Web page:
Friday, July 12, 2013

WATER MOCCASINS


A water moccasin is the same thing as a cottonmouth.  The name cottonmouth comes from the fact that this snake's mouth is white on the inside.  But I'm not sure why it is also called a water moccasin, because it doesn't look much like a moccasin to me.  And I don't think you would want to wear moccasins in the water because if you did, they would get all wet and soaked.  After which, your feet would get wet and cold and you might catch pneumonia.

But getting back to snakes, the scientific name for the water moccasin is Agkistrodon piscivorus.  In English, this means "hooked-tooth fish-eater."  Other names for the water moccasin are swamp moccasin, black moccasin, gapper, or viper.  The water moccasin is poisonous, so you should try to avoid getting bitten.  Instead of slithering away when it is frightened, it is more likely to stay put and face you and make a big threat display.  If you step on one or pick it up, it will bite you.


Map by Craig Pemberton,
based on original map by Jwinius

Cottonmouths live in the southeast part of the U.S.  They like to hang out near water, such as in shallow lakes, marshes, and streams.  They are good swimmers, and sometimes they even cross short pieces of the ocean to go live on islands near the Atlantic and Gulf coasts.  They are the only semi-aquatic venomous snakes in the world.  They are usually about 24" to 26" long, and the males are bigger than the females.









The main things that water moccasins like to eat are fish and frogs, but they will also eat other stuff that comes along, such as snakes, lizards, small turtles, baby alligators, mammals, and birds.  Since they are pit-vipers, they can sense the heat of prey or predators.  Water moccasins usually go hunting after dark, especially in hot weather.  They like to lie in the sun on rocks or branches near the water, but they don't usually climb high up in trees, like some snakes do.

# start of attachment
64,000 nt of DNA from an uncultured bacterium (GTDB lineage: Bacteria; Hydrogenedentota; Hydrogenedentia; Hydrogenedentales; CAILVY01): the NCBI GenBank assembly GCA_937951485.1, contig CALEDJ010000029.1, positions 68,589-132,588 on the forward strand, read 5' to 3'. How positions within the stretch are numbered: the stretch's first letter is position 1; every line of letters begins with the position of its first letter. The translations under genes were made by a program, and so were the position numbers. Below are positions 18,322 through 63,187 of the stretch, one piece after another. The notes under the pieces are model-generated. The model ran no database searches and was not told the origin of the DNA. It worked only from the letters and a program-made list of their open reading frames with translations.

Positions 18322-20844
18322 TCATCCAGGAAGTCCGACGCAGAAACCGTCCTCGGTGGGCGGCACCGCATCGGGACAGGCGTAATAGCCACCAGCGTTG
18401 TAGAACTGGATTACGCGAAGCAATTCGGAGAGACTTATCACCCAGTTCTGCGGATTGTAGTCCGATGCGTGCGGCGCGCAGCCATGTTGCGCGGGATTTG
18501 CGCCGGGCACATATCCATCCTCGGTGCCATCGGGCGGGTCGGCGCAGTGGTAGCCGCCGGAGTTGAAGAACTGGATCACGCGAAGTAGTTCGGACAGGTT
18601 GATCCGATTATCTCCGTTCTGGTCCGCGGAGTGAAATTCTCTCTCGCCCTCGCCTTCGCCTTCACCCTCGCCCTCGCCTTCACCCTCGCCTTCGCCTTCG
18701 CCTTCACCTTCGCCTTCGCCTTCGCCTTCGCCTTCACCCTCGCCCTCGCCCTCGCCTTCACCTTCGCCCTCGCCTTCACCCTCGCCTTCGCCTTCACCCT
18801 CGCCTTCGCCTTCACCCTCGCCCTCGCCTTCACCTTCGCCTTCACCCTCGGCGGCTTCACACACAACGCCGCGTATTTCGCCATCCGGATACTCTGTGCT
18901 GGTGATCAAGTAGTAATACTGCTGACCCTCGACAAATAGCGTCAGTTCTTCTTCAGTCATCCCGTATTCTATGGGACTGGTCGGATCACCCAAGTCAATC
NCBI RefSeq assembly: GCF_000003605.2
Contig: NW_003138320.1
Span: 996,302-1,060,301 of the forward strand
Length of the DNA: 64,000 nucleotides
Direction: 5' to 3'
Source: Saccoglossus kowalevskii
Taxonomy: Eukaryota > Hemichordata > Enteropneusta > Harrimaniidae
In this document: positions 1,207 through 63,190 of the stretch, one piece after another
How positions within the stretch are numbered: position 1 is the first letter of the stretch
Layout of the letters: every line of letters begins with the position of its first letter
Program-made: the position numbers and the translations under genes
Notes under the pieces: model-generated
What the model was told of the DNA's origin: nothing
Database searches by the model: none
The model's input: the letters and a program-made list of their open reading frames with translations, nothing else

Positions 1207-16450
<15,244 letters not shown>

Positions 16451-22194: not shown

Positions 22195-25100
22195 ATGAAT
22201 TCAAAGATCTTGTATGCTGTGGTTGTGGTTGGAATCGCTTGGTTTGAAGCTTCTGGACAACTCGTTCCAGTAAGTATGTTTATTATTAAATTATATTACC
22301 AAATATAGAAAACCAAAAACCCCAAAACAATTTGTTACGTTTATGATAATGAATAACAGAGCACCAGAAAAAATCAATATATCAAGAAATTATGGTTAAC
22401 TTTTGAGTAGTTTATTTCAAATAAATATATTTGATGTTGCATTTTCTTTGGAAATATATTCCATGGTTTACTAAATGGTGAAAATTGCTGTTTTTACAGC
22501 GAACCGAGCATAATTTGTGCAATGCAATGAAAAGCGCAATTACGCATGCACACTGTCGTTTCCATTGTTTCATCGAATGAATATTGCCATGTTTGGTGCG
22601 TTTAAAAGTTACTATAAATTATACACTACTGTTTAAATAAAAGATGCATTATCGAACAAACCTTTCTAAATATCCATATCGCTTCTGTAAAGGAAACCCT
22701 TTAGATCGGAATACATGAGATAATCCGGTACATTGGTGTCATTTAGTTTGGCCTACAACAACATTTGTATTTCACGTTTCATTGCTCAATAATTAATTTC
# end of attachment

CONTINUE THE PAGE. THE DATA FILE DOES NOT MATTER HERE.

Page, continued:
Cottonmouths mate in early summer.  The males fight over the females, and then the females have litters of 1-20 live young.  The baby snakes have stripes around their bodies and also bright yellow tips on their tails.  Older snakes get darker in color, and some are almost black.









Here are the main ways you can tell the difference between a water moccasin and an ordinary water snake:
1.  Water moccasins have bodies that are much thicker and heavier than the bodies of water snakes.
2.  Water moccasins have big, blocky heads and definite necks.  Water snakes don't.
3.  The pupils in a water moccasin's eyes are vertical, and the pupils in a water snake's eyes are round.
4.  Water moccasins swim with their whole bodies on top the water, unless they are trying to hide.  Water snakes swim with only their heads out of the water.



Okay, well, now that I told you all about water moccasins, I will just say that I think everybody should stay far away from any swampy, wet places where these snakes are likely to hang out.  And the reason for this is, for one thing, you might fall in the water and drown, and for another thing, a water moccasin might bite you and you would die from the snakebite.  In either one of these cases, you would be dead, and that's not a good way to be.

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